Bf-109 variants

Discussion in 'Aviation' started by FranchToest, Dec 14, 2013.

  1. FranchToest

    FranchToest New Member

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    Hello everyone :D This is my first post so sorry if I have posted in the wrong area. I have a couple of questions for those of you that admire German aircraft.

    1. Which Bf-109 variants had the black and white spiral nose cone?

    2. Which variant did pilots use the most throughout the entire war?

    3. Which variant was the most viable. (By "viable", I mean best equipped for multiple tasks.)

    Thanks everyone, FranchToest
     
  2. DerAdlerIstGelandet

    DerAdlerIstGelandet Der Crew Chief
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    Hi, welcome to the forum.

    The Black and white spiral nose cone was just a painted spinner. It could be found on all varients, but usually the G and K varients.

    The most numerous varient is the G varients. The most numerous of them all was the G-6 with over 12,000 being built.
     
  3. stona

    stona Well-Known Member

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    It was introduced officially for all fighter aircraft of Luftflotte 3 and Luftflotte Reich on 10th February 1944. It was clarified in a more extensive document applying to all single and twin engine fighters and ground attack and reconnaissance aircraft in the 'Western Area' on 20th July 1944. It was a tactical marking unlikely to appear on anything (as far as the 109 goes) but Bf 109 Gs and Ks.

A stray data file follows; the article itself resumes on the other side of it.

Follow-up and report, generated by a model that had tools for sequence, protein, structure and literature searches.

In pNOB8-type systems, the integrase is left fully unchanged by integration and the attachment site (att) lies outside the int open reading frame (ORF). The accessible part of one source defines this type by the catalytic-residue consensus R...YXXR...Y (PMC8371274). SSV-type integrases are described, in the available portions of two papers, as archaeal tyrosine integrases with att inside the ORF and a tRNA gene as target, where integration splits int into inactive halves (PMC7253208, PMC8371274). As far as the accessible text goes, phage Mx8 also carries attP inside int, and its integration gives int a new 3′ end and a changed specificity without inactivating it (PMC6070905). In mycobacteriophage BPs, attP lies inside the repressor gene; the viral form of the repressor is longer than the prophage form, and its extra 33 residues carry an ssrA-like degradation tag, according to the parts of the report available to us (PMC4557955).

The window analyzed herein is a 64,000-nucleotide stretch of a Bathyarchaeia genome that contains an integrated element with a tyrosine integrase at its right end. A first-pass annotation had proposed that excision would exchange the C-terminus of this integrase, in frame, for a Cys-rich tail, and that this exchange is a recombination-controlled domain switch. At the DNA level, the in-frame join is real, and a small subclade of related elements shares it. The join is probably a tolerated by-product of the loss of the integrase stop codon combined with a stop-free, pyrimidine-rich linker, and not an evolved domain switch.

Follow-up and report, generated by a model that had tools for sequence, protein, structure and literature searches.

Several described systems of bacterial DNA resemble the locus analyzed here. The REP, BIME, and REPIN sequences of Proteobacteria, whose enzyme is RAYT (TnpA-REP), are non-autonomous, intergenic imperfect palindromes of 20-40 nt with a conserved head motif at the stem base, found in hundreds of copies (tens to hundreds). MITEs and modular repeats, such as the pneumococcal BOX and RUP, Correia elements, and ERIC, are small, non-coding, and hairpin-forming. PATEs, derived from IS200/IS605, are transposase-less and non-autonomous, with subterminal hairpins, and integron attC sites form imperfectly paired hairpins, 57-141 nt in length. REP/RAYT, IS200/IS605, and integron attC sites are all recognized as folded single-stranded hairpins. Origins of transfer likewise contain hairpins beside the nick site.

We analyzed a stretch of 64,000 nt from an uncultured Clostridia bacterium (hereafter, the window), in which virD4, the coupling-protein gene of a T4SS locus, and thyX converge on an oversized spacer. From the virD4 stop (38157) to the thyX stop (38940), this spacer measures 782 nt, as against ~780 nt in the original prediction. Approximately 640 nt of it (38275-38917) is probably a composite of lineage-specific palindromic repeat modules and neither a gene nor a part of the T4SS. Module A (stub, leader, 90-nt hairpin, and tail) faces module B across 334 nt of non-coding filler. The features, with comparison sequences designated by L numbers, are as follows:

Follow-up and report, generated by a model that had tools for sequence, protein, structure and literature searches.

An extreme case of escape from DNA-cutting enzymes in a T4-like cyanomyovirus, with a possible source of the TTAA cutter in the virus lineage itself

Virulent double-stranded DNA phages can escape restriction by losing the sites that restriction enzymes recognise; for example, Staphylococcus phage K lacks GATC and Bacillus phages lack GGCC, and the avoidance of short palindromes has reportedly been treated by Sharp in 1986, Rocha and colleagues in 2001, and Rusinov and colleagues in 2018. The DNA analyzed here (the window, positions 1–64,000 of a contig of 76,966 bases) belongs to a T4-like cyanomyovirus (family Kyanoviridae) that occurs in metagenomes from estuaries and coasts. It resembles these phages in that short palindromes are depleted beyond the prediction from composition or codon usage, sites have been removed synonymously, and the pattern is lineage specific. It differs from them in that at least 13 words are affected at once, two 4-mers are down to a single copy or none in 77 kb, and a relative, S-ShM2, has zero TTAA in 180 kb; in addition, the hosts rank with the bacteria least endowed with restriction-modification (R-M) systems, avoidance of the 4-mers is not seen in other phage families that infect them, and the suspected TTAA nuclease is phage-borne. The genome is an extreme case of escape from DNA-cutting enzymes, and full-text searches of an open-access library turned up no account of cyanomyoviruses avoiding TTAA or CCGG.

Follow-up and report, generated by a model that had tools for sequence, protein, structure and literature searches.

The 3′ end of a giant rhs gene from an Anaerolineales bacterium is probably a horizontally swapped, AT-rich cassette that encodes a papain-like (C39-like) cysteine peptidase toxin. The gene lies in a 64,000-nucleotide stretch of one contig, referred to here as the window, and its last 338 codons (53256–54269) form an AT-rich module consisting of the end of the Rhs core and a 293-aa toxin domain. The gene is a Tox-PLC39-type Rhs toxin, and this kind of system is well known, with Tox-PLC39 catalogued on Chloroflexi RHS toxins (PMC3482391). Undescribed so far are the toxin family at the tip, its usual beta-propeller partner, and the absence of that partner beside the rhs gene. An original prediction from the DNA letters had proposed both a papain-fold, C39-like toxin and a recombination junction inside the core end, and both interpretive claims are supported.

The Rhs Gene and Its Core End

Some units seem to have introduced their own version earlier. There are pictures of Bf 109 G-6s from JG 1 with a very tight spiral dated May 1943. I know of one of another G-6 from JG 3 in Italy, also from 1943, with that units version of the spiral which is much closer to that officially adopted later.

    All Bf 109s were capable of multiple tasks but it is obvious that later versions had better performance.

    Cheers

    Steve